• a
  • a
  • a
  • Adjust text size

Rosacea Review - Newsletter of the National Rosacea Society

Student Project Raises Visibility

Pa Vang, the daughter of Hmong immigrants from the mountains of Laos who settled in Minnesota following the Vietnam War, does not fit the stereotypical mold of a rosacea patient -- who is often fair-skinned, older and of northern European descent. But the sophomore at the University of Minnesota-Morris who was diagnosed with rosacea in her early teens is doing her part to broaden the public's perception of the disorder and whom it affects.

As one of a dozen students in the University's Multi-Ethnic Mentorship Program, Pa conceived a project that would not only raise awareness of rosacea in young people and people of color but would also raise funds for the National Rosacea Society research grants program. She organized a holiday gift-wrapping booth at a local book store and used the time it took to wrap each gift as an educational opportunity.

Pa talked about her individual case and also distributed a fact sheet about rosacea to each customer. Pa said she successfully manages her condition with topical medication.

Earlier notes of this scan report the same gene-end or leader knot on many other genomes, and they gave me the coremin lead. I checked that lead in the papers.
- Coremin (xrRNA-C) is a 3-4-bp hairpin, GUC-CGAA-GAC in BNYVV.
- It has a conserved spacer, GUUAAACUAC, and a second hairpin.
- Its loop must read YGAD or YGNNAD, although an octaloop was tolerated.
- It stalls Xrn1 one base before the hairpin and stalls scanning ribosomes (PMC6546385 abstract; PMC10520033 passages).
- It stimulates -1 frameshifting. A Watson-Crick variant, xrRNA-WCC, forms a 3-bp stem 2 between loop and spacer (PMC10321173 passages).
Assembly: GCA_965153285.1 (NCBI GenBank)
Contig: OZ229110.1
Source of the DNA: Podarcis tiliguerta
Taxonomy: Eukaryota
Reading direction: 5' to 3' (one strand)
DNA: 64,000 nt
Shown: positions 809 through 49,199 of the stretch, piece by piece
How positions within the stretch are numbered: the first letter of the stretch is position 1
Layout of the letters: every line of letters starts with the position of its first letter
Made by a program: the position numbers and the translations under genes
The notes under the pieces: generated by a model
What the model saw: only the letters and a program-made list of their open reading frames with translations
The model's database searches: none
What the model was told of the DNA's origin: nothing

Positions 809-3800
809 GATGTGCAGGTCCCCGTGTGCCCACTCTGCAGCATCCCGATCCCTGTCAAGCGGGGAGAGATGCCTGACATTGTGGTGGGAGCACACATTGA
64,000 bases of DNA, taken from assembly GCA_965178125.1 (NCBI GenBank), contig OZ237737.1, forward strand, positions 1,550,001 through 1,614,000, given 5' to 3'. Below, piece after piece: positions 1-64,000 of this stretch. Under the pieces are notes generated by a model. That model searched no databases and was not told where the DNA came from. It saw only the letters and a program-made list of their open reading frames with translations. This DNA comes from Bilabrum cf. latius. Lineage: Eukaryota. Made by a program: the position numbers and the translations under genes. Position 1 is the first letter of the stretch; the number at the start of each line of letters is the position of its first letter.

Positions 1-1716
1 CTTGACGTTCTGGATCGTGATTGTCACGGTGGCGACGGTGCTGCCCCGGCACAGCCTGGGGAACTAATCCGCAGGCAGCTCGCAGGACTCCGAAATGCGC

"Adults were more familiar with rosacea, but a lot of the younger students had never heard of it," Pa said. "They wanted to know how I got it and what it was like."

Although Pa said she knows of only one other Hmong who has been diagnosed with rosacea, a recent study of the disorder's prevalence among various ethnicities found that nearly 6 percent of Asian women had rosacea.

Issues

Contact Us

Phone:
1-888-NO-BLUSH
Email:
rosaceas@aol.com
National Rosacea Society
196 James St.
Barrington, IL 60010

Our Mission

The National Rosacea Society is a 501(c)(3) nonprofit organization whose mission is to improve the lives of people with rosacea by raising awareness, providing public health information and supporting medical research on this widespread but little-known disorder. The information the Society provides should not be considered medical advice, nor is it intended to replace

consultation with a qualified physician. The Society does not evaluate, endorse or recommend any particular medications, products, equipment or treatments. Rosacea may vary substantially from one patient to another, and treatment must be tailored by a physician for each individual case. For more information, visit About Us.